You wouldn’t think you could spend a morning in Greece, an afternoon in Rome and a lazy Sunday in ancient Egypt — all without leaving Oxford. You wouldn’t know it because the Ashmolean — a once fusty, dusty collection of curios crammed into display cases — didn’t let you know. But that place is a planet removed from the marvellous museum which has just reopened.
More than £61m has gone into transforming Britain’s oldest museum into what must surely be the best showcase the nation has of the world’s most important civilisations.
Considering its vibrancy, beauty and historical treasures, it’s amazing that Durham is not a major fixture on the tourist trail. One can only assume it’s because this little jewel of a city and county are squashed between the majesty of Yorkshire, which trumpets its offerings much louder, and the glorious Northumberland coast.
But this tiny place — which has been dubbed the best to visit in the UK — won’t be hiding its light under a bushel much longer.
It began in front of my TV, watching Henning Mankell’s deadpan detective, Wallander, shuffle his way unerringly to the solution of a crime. Wallander’s world was one of strong spirits, heart-warming humour and cold-hearted murders set in the moody landscape of Southern Sweden.
Not content to buy the best-selling Kurt Wallander Mysteries or wait for the second BBC series starring Kenneth Branagh in the New Year, I flew to Copenhagen and crossed the Öresund Bridge to the fertile region of Skåne (pronounced skoener), home to two worldwide hits — Absolut Vodka and Kurt Wallander.
I had never tasted potato dumpling with goat’s cheese before, let alone try to pronounce its culinary name - bryndzove halušky, but then I had never been to the Slovakian capital, before. A canopy of carbs, this hearty speciality of the city was unexpectedly appealing. Much like the city itself.
Any shipping line that brands a cruise “the world’s most beautiful voyage” is surely inviting contradiction. As a cruise virgin, I can neither verify nor refute the claim made by Hurtigruten for its round voyage up and down the Norwegian coast. But if there is a lovelier boat trip than this, I’d certainly like to hear about it.
We were on an intrepid mission and there were risks: blisters, arguments, financial ruin and a 4am wake-up call before dragging our cases on to a National Express bus at Golders Green, and then queueing for an easyJet flight to Naples.
It was tough: traipsing around Mafia-imbued streets, reading and then abandoning all guide books.
Some people love Paris in the springtime. But I’ll take Budapest in the autumn, the perfect time to go. Especially this year: Hungary was named best-value country in the Post Office’s Holiday Costs Barometer for 2009. With its recession-hit economy and devalued forint, the country is keen to attract visitors and prices have fallen accordingly.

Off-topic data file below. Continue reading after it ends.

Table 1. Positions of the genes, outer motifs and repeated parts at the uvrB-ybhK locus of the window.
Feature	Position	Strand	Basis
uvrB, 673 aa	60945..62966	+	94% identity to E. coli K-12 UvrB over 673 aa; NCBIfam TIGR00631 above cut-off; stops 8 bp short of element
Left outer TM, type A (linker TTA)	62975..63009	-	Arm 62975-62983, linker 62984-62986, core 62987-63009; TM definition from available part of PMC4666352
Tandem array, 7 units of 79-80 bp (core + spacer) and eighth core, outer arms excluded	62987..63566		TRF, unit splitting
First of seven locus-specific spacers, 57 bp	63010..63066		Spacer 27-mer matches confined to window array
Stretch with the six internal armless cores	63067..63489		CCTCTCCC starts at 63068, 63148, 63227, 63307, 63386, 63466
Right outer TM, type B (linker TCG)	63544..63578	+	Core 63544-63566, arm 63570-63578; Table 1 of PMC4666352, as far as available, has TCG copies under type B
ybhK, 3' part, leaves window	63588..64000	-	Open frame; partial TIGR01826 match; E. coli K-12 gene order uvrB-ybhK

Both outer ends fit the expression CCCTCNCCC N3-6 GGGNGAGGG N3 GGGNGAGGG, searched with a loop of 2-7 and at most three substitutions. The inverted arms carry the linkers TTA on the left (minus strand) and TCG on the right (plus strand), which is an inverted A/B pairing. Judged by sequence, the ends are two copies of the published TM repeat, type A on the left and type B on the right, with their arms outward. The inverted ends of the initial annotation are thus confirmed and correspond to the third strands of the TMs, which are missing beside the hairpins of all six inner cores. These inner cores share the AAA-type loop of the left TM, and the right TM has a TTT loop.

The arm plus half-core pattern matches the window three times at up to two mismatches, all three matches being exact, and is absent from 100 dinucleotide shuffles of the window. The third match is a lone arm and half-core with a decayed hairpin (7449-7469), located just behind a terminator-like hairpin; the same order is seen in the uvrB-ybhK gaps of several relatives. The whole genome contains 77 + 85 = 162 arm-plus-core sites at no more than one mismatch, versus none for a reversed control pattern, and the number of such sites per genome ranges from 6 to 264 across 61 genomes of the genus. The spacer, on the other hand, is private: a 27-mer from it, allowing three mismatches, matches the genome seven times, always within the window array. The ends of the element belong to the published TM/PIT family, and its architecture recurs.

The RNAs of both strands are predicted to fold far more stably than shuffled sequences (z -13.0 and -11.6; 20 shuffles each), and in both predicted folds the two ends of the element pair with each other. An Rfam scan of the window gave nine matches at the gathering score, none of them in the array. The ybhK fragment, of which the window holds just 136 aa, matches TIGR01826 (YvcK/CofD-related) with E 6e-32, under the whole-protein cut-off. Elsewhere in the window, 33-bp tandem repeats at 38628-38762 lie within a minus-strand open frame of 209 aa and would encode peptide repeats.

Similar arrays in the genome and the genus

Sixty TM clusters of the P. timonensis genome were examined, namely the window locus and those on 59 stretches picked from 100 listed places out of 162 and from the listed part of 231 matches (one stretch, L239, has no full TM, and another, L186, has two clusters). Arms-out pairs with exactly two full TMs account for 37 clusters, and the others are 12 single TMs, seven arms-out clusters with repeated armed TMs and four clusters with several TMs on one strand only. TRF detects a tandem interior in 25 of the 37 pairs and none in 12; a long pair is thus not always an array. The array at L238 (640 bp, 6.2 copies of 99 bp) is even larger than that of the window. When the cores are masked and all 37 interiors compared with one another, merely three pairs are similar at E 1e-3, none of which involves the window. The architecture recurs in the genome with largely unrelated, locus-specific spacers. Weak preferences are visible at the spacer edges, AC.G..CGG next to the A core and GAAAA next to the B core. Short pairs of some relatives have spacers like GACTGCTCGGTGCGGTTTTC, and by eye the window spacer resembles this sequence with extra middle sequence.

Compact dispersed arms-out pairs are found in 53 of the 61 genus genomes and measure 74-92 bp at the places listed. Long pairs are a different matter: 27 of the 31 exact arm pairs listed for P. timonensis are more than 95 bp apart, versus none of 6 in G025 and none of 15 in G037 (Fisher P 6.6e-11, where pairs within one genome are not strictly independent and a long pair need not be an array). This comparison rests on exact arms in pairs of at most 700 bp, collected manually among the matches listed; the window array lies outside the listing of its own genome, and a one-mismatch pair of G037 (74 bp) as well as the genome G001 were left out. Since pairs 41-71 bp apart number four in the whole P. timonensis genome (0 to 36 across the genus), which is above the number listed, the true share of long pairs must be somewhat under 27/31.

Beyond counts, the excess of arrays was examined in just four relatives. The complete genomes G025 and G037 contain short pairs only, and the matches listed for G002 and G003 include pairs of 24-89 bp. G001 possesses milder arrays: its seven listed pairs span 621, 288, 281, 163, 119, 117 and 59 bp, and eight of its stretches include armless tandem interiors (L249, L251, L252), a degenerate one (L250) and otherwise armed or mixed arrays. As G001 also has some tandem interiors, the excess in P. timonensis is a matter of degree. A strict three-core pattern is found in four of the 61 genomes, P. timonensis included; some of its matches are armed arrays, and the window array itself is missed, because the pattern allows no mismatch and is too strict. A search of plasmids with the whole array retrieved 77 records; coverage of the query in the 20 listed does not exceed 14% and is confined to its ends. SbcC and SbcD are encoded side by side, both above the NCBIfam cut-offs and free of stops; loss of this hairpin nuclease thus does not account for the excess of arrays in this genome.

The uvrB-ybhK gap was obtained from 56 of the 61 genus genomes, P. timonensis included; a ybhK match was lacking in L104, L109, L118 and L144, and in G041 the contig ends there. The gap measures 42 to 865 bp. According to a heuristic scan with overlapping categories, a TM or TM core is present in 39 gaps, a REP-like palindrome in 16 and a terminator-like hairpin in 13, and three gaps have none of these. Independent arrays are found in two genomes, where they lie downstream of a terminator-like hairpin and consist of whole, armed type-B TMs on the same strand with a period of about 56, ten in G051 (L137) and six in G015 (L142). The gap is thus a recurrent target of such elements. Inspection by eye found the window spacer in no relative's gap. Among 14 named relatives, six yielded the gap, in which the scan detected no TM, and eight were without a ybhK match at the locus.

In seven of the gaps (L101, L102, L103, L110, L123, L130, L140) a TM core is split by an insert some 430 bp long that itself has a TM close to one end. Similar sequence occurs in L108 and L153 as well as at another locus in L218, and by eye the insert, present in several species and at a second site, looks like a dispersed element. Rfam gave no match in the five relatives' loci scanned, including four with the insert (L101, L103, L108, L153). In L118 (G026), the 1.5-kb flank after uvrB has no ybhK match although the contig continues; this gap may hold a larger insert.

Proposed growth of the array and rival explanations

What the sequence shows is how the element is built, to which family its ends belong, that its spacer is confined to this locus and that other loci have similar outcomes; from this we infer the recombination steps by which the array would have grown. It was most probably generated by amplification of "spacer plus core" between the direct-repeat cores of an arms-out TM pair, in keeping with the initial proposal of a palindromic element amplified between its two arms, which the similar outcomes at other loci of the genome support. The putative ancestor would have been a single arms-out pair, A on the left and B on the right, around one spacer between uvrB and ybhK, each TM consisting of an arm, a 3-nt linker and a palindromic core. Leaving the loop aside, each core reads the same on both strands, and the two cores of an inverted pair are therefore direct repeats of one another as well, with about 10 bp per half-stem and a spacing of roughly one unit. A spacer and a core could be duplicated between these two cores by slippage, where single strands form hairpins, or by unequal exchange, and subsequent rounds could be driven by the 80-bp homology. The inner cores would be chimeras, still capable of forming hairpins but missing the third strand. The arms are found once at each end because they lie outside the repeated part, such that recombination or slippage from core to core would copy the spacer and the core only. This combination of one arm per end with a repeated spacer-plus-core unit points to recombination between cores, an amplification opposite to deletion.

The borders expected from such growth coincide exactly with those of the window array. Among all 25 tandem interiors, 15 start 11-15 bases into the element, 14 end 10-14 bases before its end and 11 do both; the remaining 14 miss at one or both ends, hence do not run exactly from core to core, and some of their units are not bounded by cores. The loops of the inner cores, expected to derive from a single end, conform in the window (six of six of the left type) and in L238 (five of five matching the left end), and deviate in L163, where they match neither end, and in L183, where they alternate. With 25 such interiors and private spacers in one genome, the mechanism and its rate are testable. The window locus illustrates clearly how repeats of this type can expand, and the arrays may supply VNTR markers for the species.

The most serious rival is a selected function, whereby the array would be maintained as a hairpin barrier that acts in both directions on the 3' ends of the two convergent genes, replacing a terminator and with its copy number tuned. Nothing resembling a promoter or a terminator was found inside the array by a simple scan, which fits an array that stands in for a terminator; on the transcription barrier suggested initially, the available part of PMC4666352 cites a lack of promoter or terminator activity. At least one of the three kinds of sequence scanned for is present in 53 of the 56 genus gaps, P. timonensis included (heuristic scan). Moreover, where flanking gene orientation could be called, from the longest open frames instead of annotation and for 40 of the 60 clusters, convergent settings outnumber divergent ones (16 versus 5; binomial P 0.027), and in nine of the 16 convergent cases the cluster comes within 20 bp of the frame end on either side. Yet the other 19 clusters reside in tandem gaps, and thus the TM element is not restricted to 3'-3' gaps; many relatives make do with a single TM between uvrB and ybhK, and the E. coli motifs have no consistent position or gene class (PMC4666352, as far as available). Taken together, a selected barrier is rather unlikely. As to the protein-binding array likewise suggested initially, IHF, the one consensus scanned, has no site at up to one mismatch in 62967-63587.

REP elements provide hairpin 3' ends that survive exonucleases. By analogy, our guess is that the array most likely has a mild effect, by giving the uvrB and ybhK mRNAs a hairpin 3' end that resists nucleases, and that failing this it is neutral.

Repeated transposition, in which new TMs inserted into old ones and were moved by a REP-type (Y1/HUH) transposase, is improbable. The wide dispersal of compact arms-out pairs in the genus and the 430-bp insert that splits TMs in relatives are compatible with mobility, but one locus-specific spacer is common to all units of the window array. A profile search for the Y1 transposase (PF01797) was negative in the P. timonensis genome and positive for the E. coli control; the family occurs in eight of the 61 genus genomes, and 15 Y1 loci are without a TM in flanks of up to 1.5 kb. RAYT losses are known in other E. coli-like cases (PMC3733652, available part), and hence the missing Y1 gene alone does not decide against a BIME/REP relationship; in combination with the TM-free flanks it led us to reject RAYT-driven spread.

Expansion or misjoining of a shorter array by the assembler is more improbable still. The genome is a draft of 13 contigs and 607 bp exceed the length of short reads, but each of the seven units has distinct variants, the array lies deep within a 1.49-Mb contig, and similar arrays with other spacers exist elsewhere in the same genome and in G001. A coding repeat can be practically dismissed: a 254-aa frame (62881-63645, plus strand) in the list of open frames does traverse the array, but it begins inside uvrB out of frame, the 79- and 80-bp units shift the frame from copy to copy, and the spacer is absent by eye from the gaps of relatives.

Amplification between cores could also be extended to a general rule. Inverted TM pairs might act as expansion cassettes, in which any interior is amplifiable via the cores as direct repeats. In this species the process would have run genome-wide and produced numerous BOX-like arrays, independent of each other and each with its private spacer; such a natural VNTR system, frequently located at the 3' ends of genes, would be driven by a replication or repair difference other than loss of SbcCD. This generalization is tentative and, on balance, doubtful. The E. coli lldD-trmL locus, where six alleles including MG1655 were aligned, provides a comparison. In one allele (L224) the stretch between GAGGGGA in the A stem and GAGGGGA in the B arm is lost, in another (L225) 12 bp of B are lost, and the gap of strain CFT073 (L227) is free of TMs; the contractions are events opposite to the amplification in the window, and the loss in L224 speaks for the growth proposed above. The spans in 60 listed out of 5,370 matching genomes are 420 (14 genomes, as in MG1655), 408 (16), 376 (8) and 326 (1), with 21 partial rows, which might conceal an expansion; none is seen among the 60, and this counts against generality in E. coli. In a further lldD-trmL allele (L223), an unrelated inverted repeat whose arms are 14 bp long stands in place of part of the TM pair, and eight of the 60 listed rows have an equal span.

Of course, for me Budapest is much more than an affordable holiday destination — it is where I was born, four years before the 1956 Uprising which led to my family’s flight to the West.
It took an open-top car snug enough for two, a healthy breeze and miles of unbroken road to get this Mr Toad out of Toad Hall and off to Chelsea-on-Sea. And with a poop-poop and glassy-eyed visions of million-pound designer beach huts, he was on his way up the A1 to the Fens, planning the perfect day in a perfect town where Orwell once lived and the seagulls sound just a little posher than those over Southend.
It’s breakfast time at the Vila Gale Hotel and I’m having a moment.
It began out of nothing, as these things often do, with a simple chance meeting in the lobby on my first morning. An athletic young blonde clutching a large bag of tennis racquets and wearing shorts that were a little on the small side asked me the time.
After a casual glance at my watch I gave her my very best smile and, desperately attempting to put on a casual air of relaxed professionalism, told her the time. She smiled back (I think), thanked me and was gone.
Last weekend’s plush ITV production of Wuthering Heights gorgeously showcased Bronte Country, a wild, dramatic and rather secretive corner of West Yorkshire. For those who have never been, consider spending a few golden autumn days in this austerely beautiful and culturally rich slice of England before the public descend en masse.
The great British public, that is, since the Japanese have already indulged a decades-long obsession with Haworth, where the Bronte sisters grew up.